Open Access Case study

Water Quality Status of River Donan due to Operational Refinery Pertamina Unit IV Cilacap-Central Java- Indonesia

Slamet Isworo, Poerna Sri Oetari, N. A. Indah

Asian Journal of Biology, Page 1-10
DOI: 10.9734/AJOB/2017/36619

Objective: Indonesian State Oil Company processes crude oil into fuel oil, non-fuel fuel and petrochemical, this activity produces waste that allows pollution of the Donan river. herefore, this study aims to analyze the quality of Donan streams based on water chemical - physical quality, and the plankton and benthos diversity conditions, due to the impact of waste discharged from the installation of wastewater treatment units from cilacap state oil companies.

Methodology: This research was conducted by analyzing water samples with Atomic Absorption Spectrophotometer method. Water sampling is done at point 2 sampling points is at sampling point A = holding basin output 39 and B = holding basin output 66 - 49.

Results: Based onBiological Oxygen Demand (ppm) analysis between 5.5 ppm - 7.2 ppm. Chemical Oxygen Demand concentration (ppm) between 33.6 ppm - 33.7 ppm. While the concentration of Dissolved Oxygen (ppm) between 6.0 ppm - 5.9 ppm. The results of heavy metal chromium analysis with concentrations between 0.04 ppm - 0.05 ppm. Free chlorine concentration with concentration of 0.04 ppm - 0.05 ppm. While the concentration of H2S was 0.2 ppm . and the fluoride concentration was 0.88 ppm - 1.01 ppm. Based on the quality standards stipulated by Regulation of the Minister of Environment No. 19 of 2010 and Regional Regulations of Central Java, No. 5 of 2012 shows that the Donan river on the verge of polluted. Plankton analysis was found as the dominant species of Coscinodiscus sp and Nitzschia sp which is a bio-indicator of pollutant. The waters are contaminated lightly.

Open Access Short Research Article

Phytochemical Analysis, Antioxidant and Antibacterial Activities of Two Traditionally Used Indian Medicinal Plants

Rajamanickam Karthika, Packirisamy Meenatchi, Ramalingam Sundaram, Ayyakkannu Purushothaman

Asian Journal of Biology, Page 1-11
DOI: 10.9734/AJOB/2017/37961

Aims: The aim of the present study was to determine the phytochemical constituents, antioxidant and antibacterial activities of crude extracts from leaves of two traditional Indian medicinal plants Catharanthus roseus and Ocimum basilicum.

Study Design: The methanol extracts of the leaves were used to study the antioxidant activity using DPPH and superoxide radical scavenging assays. The disc diffusion method was employed to evaluate the antibacterial activities on four major infective pathogenic agents.

Place and Duration of Study: The study was carried out at Post Graduate & Research Department of Biochemistry, Mohamed Sathak College of Arts and Science (Affiliated to University of Madras), Chennai - 600 119, Tamil Nadu, India during January 2017-August 2017.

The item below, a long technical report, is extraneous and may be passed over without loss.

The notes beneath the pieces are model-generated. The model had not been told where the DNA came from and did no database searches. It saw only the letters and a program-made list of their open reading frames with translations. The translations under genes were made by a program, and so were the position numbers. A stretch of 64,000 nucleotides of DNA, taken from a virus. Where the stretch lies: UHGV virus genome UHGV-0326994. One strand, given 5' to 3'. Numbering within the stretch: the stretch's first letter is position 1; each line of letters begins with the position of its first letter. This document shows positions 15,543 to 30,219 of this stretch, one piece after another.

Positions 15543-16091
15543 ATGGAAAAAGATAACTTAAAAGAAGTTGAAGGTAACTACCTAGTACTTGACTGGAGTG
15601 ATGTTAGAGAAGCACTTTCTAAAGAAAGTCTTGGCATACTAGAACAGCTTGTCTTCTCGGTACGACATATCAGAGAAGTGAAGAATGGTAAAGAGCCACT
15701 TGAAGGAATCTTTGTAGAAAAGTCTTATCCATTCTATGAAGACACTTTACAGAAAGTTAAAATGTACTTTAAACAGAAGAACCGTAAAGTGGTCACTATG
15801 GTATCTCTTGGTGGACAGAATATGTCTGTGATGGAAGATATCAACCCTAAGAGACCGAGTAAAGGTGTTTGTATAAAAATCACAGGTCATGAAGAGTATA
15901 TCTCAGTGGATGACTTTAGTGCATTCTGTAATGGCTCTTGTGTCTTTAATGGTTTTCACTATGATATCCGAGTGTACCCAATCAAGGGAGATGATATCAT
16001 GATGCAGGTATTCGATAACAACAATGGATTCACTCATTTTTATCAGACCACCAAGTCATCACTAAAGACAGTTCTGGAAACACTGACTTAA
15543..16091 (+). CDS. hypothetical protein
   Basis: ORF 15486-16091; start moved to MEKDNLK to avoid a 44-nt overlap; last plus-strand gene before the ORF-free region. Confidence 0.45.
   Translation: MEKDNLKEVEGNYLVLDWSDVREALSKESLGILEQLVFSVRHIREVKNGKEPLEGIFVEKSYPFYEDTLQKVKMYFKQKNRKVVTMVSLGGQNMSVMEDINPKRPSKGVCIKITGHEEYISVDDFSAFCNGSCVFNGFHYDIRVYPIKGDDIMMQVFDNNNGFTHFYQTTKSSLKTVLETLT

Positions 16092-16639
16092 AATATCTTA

Methodology: DPPH and superoxide radical scavenging assays were performed using standard methods. The disc diffusion method was employed to evaluate the antibacterial activities on four major infective pathogenic agents, namely, Escherichia coli, Staphylococcus aureus, Pseudomonas aeruginosa and Bacillus subtilis.

Results: Both the extracts exhibited strong DPPH and superoxide radical scavenging activities in a dose-dependent manner. The DPPH scavenging activity by Catharanthus roseus and Ocimum basilicum extracts was found to be 78.62±5.4% and 62.72± 4.2%, respectively. At the concentration of 100 µg/mL, the superoxide radical-scavenging activities of methanol extracts of Catharanthus roseus and Ocimum basilicum were found to be 72.36±3.21 and 68.76±3.16, respectively. Moreover, both the extracts showed a remarkable inhibition of bacterial growth at a concentration of 300 μg/mL compared to the two other doses tested (100 and 200 μg/mL).

Conclusion: Present findings provide experimental evidence that the leaves of Catharanthus roseus and Ocimum basilicum have potential antioxidant and antimicrobial activities which might be used as a functional food and safe remedy for the treatment of infectious diseases. This study also revealed that the plant could be a promising source for development of natural antioxidant and antibacterial agents.

Open Access Original Research Article

Toxicological Effects of Different Concentrations of Hypo Bleach on the Mortality of African Clariid Mud Catfish (Clarias gariepinus) Fingerlings

Ivon Ettah Akpang, Andem Andem Bassey, Joseph Akaninyene Paul, Nkereuwem Ekanem Sarah

Asian Journal of Biology, Page 1-7
DOI: 10.9734/AJOB/2017/36001

Aim: The study was aimed at evaluating the mortality and LC50 of Clarias gariepinus exposed to different concentrations of hypo bleach.